Drifting Goals

Have you ever noticed how difficult it is to bring the best of intentions to fruition? How so many people's New Years resolutions only last a few days? Our inability to achieve the things we set out to achieve is very much a result of the operation of a drifting goals structure we generally have little awareness of.

A drifting goals structure is composed of two balancing loops which interact in such a way that the activity of one loop actually undermines the intended balance the other loop seeks to achieve. Consider the following example in which I set out to pursue something I want.

We begin with a standard balancing loop intended to get me from what I have to what I want.

What I want interacts with what I have to create a gap. This gap influences, i.e. adds to, my action to get what I want. As I take action to get what I want it adds to what I have. And as what I have gets closer to what I want it subtracts from the gap making is smaller and smaller.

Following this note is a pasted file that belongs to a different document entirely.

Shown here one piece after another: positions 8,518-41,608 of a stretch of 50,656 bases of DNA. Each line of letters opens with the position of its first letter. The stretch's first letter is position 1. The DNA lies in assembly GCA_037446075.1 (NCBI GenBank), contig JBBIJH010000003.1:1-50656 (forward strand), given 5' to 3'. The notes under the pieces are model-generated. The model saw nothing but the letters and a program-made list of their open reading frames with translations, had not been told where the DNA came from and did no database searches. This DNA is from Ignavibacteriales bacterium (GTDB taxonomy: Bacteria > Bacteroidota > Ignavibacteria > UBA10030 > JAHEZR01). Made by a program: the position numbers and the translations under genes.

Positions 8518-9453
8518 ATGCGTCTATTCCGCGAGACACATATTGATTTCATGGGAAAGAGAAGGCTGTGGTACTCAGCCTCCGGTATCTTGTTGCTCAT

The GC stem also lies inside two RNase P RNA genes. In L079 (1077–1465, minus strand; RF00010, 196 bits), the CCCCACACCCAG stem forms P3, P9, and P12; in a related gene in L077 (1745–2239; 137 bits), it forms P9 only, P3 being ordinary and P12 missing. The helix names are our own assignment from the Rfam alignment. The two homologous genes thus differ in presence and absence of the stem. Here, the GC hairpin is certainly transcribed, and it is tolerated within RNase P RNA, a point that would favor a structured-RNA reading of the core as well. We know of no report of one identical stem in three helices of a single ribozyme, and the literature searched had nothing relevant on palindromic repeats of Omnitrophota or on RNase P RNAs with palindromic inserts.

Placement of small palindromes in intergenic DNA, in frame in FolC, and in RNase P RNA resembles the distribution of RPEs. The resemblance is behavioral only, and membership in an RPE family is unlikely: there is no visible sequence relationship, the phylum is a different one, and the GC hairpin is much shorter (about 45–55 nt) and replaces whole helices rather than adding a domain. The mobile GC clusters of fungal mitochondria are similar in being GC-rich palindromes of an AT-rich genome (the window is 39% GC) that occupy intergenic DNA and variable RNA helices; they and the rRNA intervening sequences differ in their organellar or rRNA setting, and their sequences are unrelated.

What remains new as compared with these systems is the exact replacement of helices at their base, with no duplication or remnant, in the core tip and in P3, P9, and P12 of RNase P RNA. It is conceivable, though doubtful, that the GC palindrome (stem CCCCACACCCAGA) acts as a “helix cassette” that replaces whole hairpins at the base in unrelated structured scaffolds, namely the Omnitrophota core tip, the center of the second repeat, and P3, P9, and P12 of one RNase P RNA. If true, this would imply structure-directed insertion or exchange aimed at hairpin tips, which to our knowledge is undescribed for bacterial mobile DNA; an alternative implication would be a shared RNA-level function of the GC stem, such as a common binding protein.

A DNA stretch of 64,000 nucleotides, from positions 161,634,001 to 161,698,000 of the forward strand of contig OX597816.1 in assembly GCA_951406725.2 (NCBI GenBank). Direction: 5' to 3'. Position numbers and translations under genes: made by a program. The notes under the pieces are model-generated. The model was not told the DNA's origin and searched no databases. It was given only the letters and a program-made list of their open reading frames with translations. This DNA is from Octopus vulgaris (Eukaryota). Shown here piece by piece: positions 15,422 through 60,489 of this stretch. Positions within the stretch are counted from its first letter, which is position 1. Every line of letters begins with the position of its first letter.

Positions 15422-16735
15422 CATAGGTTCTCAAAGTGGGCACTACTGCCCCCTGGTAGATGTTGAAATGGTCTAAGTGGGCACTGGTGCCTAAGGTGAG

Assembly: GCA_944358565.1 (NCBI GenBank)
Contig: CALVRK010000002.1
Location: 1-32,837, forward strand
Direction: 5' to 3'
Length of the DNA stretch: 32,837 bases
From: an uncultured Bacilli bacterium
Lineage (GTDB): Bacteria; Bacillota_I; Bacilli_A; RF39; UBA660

One of the annoying characteristics of the balancing loop is that as what I have gets closer and closer to what I want the gap gets smaller and provides less of an impetus for action to get what I want. It seems that the closer I get to what I want the more time it looks like it's going to take to get there. This is usually quite frustrating.

There are also all kinds of head games we play with ourselves which are essentially promoted by the gap in the above diagram. Consider the following extension of the above example.

At the same time the gap adds to my action to get what I want it also adds to a pressure to settle for less. This pressure to settle for less then subtracts from what I want essentially inducing me to want less, or at least be willing to settle for less.

Since my actions to get what I want generally take time to produce results, more time than my patience will tolerate any way, it is far easier and faster to get rid of the gap by settling for less and reducing what I want. As for the head games we play with ourselves that drive this pressure to settle for less, they are along the lines of, I don't deserve what I want, I can't have what I want, it takes to long, it's too hard, it's not really worth the effort, I'm not worthy, etc. We are most definitely our own worst enemies.

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